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SOCIETY

FAQ on “Guidelines on Measures to Combat Childhood Poverty”

  • October 5, 2016
  • , Mainichi , p. 10
  • JMH Translation

In Japan, one out of six children under the age of 18 lives in poverty. In August 2014, the government drew up the “Guidelines on Measures to Combat Childhood Poverty.” Since then, local governments, which are tasked with taking the initiative in policymaking, have been coping with the issue through pioneering measures, such as helping single parents find jobs and preventing students from dropping out of high school. Meanwhile, efforts to deal with child poverty issues are giving rise to new challenges such as how to secure stable financial sources to ensure the continuity of support.

 

Q: What are the “Guidelines on Measures to Combat Childhood Poverty?”

 

A: They were formulated based on the “law to combat childhood poverty” which was enacted in 2013. They encompass four areas: education, livelihood, employment of guardians and economic aid. The guidelines include 40 key policies, which focus on extending employment support to single parents and increasing the number of social workers to be placed in schools to give advice to children on daily living.

 

Q: Does the government set any specific targets?

 

A: The guidelines include 25 “benchmarks,” such as child poverty rates and college enrollment among children from households on welfare. Support groups complain that they do not set specific targets for improvement. The government says that it will study the effectiveness of policies by examining the trends of benchmarks.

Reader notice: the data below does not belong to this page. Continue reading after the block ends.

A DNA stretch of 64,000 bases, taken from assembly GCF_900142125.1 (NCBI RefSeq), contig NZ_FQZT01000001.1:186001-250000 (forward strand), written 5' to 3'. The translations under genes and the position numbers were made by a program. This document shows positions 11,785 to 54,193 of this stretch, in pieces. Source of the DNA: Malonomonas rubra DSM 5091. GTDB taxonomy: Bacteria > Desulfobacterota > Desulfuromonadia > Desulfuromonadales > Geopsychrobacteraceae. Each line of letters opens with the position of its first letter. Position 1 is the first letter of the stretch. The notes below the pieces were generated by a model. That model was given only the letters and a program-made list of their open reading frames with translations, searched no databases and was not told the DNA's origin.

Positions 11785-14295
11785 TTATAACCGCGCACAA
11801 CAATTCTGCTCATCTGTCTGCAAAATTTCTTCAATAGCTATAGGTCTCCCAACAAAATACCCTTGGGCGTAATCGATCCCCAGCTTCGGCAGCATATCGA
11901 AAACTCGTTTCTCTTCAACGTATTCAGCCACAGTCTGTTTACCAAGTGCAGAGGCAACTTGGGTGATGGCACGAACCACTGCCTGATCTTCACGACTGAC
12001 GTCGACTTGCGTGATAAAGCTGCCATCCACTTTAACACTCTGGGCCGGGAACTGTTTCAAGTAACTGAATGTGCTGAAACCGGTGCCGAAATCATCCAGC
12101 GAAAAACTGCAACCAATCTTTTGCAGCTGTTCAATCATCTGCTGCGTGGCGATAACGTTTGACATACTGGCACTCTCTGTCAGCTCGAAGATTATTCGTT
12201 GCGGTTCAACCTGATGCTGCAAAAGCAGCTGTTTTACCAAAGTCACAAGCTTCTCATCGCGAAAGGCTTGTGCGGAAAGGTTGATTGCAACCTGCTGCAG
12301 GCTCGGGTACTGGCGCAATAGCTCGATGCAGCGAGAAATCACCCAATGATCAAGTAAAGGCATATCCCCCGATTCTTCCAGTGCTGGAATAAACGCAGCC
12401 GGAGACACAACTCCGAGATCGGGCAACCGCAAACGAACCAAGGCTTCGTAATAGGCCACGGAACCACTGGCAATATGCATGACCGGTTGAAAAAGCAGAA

Q: What is the role of local governments?

 

A: To combat child poverty, it is important to take steps that cater to the needs of each community. Local governments are asked to draw up their own programs based on the guidelines and put them into practice.

 

Q: How much progress has been made?

 

A: Most of the 47 prefectural offices have finished drawing up their own programs, but their effective measures have not been  shared with other local governments. In August, a group led by USNOVA, a public foundation that deals with child poverty, and the Tokyo Metropolitan University selected 15 pioneering programs from 12 prefectures as “good practices” [for combating child poverty.] It will also compile “good practice” programs implemented by municipal governments within the current fiscal year so other local governments can refer to these cases. In June, the mayors of 170 municipal offices launched a “federation to combat child poverty” to broaden horizontal cooperation. It will hold an inaugural general meeting in November. (Abridged)

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